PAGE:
Yard cops

LA Times columnist Steve Lopez has previously tackled the sometimes byzantine encounters between homeowners and City yard regulations. Today he writes about another Glendale yard cop encounter.

In the next day, I hope to examine some of the drought pressures that we're all living under - whether we realize it or not.

Here we go again, back to my favorite place in all of Southern California -- the city where no good deed goes unpunished.


This time it's not about the ban on frontyard fences, or a threatened $347,000 fine for a little tree trimming. This time we've got a case of City Hall yard cops cracking down on a resident who has gone native, replacing a green but thirsty lawn with drought-resistant plants.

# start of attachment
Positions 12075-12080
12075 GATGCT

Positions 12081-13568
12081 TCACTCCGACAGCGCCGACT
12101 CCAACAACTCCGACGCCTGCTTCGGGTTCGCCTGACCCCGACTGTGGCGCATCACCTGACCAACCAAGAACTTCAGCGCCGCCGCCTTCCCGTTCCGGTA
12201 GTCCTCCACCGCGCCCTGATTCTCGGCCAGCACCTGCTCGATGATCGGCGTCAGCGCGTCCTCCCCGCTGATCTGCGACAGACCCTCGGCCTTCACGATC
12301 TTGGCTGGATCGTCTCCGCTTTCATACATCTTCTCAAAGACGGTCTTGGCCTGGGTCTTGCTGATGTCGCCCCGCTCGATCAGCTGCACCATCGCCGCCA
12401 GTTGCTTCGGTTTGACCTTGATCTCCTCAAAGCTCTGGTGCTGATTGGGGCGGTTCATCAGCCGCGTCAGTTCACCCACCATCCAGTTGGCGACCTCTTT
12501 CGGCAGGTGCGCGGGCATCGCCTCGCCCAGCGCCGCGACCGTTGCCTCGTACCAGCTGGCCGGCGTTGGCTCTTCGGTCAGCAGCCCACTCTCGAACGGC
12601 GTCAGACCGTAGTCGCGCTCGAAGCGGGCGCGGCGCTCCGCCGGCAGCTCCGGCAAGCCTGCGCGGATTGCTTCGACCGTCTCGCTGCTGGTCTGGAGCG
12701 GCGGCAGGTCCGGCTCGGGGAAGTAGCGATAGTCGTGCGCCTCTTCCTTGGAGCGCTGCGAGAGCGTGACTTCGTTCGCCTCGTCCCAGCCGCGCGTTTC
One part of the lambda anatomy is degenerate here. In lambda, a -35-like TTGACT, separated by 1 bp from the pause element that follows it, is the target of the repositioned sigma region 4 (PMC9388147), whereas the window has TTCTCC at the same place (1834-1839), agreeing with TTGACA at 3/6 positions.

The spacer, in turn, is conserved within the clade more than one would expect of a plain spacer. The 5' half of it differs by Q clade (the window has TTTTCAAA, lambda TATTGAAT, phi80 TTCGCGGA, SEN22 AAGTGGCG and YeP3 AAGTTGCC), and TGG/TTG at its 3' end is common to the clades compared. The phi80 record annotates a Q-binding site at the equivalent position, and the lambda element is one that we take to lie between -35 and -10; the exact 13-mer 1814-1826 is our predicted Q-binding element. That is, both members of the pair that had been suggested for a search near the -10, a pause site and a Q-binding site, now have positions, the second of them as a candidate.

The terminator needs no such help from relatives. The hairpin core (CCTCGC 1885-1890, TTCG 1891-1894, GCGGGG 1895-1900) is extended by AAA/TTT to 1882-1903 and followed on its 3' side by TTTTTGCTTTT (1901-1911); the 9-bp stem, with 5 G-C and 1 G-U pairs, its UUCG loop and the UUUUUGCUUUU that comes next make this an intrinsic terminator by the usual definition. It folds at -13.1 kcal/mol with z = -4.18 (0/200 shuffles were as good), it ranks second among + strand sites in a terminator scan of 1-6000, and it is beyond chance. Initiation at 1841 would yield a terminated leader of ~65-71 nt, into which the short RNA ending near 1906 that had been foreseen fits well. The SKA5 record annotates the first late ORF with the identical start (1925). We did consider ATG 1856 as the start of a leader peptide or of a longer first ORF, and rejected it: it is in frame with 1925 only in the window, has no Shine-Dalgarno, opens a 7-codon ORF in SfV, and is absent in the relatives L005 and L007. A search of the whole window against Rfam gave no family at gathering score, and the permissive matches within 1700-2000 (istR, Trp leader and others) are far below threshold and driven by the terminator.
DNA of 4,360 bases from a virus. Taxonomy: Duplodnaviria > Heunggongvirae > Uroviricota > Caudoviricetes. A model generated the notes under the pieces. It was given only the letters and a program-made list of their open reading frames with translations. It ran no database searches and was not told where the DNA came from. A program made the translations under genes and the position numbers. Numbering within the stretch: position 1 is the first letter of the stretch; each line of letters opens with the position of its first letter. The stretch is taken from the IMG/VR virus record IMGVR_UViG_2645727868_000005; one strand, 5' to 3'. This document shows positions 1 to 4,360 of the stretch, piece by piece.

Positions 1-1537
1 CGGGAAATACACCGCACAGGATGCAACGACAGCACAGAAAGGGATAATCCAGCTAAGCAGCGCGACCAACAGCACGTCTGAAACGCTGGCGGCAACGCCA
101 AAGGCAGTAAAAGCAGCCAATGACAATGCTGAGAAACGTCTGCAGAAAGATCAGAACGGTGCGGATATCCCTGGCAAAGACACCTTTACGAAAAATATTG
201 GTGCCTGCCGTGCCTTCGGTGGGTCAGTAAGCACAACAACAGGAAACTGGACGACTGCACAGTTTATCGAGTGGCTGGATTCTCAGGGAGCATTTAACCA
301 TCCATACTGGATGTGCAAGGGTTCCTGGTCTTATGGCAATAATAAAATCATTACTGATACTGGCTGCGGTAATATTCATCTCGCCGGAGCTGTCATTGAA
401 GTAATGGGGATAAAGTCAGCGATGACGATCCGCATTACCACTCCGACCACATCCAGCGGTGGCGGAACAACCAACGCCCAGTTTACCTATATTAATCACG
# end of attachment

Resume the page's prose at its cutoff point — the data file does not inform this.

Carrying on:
Socially responsible?


In compliance with city code?

Not on your life.

If this seems like déjà vu all over again, that's because the case is quite similar to the one I wrote about in February. Back then, Pete Anderson and Sally Browder were threatened with "criminal charges" after switching from water-guzzling landscaping to native California plants and a rock bed.

"No brown, all green," an ever-vigilant Glendale official had warned, but the city backed off after a little crusading here in this space.

With that in mind, Glendale resident Dvoshe Walkowiak wondered if I could make another house call.

"Please," she said in an e-mail. "Glendale is out of control."

Always happy to help.

On Monday afternoon, I drove out to the house in question. Walkowiak lives on the western edge of the city, and as I approached, I saw one green lawn after another, with sprinklers running at some houses.

In a drought, shouldn't they be the people who are cited?

Read the rest here.

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